DARK (s01-03)

An elegant, intricate knot. The sort of story that screenwriters all wish they were clever enough to pull off this effectively.

It’s just the right length, brilliantly self-contained and full of endearing characters and so much mystery that you’ll be going right back to the start to figure out where that thread you lost went.

Yes, it’s complex and can be labyrinthine and hard to follow at times, but the creators have done an incredibly impressive job of leaving breadcrumbs in everything from casting to production design. Seriously, the casting of actors as older/younger counterparts of themselves is frequently astounding.

And the plot. Ooooooooh the plot. Young boys start going missing around a small German town, thirty-three years to the day after a similar rash of disappearances happened and we see the effects of this ripple through a small community being affected for a second time in a generation. But what is actually going on is truly best left to be discovered yourself.

While the third season threatened to keel over with another burst of complexity, ultimately I felt it stuck the landing and was genuinely disappointed when we reached the end to find there was none left to be revealed, when the knot showed how thoughtfully it had been tied right from the start.

Haunting, moody and engaging. Truly, one of the great modern mystery/sci-fi shows. Highly recommended.

HARLEY QUINN (s01/02)

A motherf***ing charming, bloody delight.

You might feel inclined to dismiss this for its proximity to the aggressively mediocre SUICIDE SQUAD film, or that on the surface it looks wannabe-DEADPOOL edgy — it’s really anything but!

Think of it as Adult Swim-toned Elseworlds DC universe satire wrapped around a sort of romantic comedy and garnished with all the obscenities and gory violence they can cram in. I’m talking people decaptiated by an ice-skating routine and an alcoholic Commissioner Gordon obsessed with trying to make an emotionally distant Batman his bestie.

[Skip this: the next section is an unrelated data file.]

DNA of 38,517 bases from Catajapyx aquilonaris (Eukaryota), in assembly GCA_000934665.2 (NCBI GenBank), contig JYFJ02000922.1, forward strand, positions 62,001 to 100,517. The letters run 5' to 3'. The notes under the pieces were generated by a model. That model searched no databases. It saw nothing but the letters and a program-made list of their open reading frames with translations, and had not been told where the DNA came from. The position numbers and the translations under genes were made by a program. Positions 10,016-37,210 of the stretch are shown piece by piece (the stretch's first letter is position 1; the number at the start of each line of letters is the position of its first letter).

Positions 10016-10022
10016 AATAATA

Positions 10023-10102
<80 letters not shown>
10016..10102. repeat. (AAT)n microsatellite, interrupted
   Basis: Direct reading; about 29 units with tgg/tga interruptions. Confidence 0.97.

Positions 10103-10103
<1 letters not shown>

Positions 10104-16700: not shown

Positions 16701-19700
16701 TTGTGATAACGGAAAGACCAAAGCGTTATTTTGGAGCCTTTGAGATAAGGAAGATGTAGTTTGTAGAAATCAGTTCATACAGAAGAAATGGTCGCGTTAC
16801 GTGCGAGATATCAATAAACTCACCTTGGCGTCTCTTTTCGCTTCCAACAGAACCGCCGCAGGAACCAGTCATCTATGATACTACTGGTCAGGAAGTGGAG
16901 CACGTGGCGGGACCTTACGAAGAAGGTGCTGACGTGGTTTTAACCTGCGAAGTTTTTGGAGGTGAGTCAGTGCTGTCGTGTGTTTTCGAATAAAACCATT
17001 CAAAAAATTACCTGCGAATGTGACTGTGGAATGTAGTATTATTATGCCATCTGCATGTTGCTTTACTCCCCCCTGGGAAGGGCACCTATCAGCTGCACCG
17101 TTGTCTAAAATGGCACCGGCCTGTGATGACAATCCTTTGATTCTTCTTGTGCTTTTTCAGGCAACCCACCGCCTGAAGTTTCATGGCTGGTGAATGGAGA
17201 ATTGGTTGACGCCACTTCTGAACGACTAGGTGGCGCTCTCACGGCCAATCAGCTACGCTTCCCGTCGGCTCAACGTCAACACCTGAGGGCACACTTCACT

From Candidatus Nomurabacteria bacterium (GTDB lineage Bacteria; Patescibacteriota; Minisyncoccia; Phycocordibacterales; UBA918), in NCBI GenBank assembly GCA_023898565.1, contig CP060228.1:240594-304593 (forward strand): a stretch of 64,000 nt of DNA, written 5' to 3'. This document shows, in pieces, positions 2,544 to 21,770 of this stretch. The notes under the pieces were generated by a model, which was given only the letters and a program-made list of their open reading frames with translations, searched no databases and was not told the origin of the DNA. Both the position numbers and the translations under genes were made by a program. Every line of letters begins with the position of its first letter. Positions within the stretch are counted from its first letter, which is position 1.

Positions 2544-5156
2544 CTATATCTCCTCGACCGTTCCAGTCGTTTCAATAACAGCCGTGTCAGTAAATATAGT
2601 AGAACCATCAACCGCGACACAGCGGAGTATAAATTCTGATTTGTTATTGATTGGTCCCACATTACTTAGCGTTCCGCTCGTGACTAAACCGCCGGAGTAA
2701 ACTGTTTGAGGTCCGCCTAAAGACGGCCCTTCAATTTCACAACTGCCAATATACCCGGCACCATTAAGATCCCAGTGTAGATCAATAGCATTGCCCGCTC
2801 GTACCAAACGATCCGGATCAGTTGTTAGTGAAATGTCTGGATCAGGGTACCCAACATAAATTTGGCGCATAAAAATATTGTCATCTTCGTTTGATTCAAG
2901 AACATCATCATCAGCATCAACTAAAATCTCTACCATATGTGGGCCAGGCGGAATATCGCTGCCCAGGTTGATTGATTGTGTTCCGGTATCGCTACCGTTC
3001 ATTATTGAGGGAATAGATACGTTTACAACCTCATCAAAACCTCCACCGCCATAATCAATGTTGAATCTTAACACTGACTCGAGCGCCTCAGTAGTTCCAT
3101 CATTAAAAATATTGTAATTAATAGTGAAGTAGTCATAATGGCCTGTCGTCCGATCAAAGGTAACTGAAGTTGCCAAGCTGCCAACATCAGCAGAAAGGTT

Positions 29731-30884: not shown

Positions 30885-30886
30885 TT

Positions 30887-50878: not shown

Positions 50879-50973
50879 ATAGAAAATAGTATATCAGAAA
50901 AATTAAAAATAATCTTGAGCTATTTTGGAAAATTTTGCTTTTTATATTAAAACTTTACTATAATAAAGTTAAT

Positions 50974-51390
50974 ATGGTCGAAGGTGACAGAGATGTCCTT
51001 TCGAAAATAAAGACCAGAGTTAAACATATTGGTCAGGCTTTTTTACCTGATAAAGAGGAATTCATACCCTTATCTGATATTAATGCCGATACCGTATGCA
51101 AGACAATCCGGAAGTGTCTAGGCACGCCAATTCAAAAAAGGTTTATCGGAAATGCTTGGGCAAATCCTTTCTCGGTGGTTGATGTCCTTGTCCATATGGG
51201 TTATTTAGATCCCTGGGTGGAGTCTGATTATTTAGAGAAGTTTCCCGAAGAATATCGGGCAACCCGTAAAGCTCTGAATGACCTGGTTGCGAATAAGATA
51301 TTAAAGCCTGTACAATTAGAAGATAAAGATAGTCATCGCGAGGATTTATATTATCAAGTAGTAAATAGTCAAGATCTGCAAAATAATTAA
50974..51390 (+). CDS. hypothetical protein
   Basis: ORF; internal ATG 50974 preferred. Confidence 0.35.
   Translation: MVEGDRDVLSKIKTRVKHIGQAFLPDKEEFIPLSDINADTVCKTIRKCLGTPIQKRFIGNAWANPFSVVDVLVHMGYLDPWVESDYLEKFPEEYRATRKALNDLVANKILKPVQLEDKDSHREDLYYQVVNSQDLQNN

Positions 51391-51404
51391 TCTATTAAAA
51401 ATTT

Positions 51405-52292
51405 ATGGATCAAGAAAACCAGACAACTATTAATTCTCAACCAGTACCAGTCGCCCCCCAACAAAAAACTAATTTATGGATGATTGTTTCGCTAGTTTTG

Thanks to sharp writing, tonnes of heart, a stellar voice cast and some of the funniest characterisations in the DC canon this one’s way better than expected.

Two seasons, fingers crossed for a third and beyond cos this is a gem.

GOOD OMENS (2019)

While the main thrust of the plot may be about a mixup of the Antichrist at birth and his coming into his power at the cusp of the apocalypse, the real shining heart is the friendship between an angel and a devil who are both terrible at their jobs.

Seldom is casting so fantastically on point as Michael Sheen and David Tennant, so much so that I almost neglected to shoutout the rest of the cast performances. It’s hard not to think of these two as Aziraphale and Crowley, harder still not to believe that they’ve been friends for centuries.

I’ve not read the book but the adaptation has all the hallmarks of a Gaiman/Pratchett collaboration: smartly funny absurdist wit, good pacing and a soundtrack by Queen. So, a quintessential British comedy miniseries.

Recommended.

THOM’S TEENIES TV TOP 10

One of the things I struggled with most when compiling my top film picks for 2010-2019 was that the decade saw such a dramatic shift to a gilded era of television, much of which matched and even surpassed their cinematic bretheren.

There’s so much that is now possible in the episodic format that was unthinkable even a decade ago, and truly these last ten years represent a new high water mark.

As such, I’ve given my favourites their own list, in no particular order, here:

Continue reading “THOM’S TEENIES TV TOP 10”

LIVING WITH YOURSELF s01 (2019)

What if MULTIPLICITY but Paul Rudd?

Feels like a drawn out BLACK MIRROR episode erring on this side of existential terror. It’s good, but didn’t delve into the scifi/identity crisis aspects as deeply as I’d have liked in any ways that haven’t been explored with more complexity elsewhere.

Still, worth a watch with potential for developments in seasons going forward.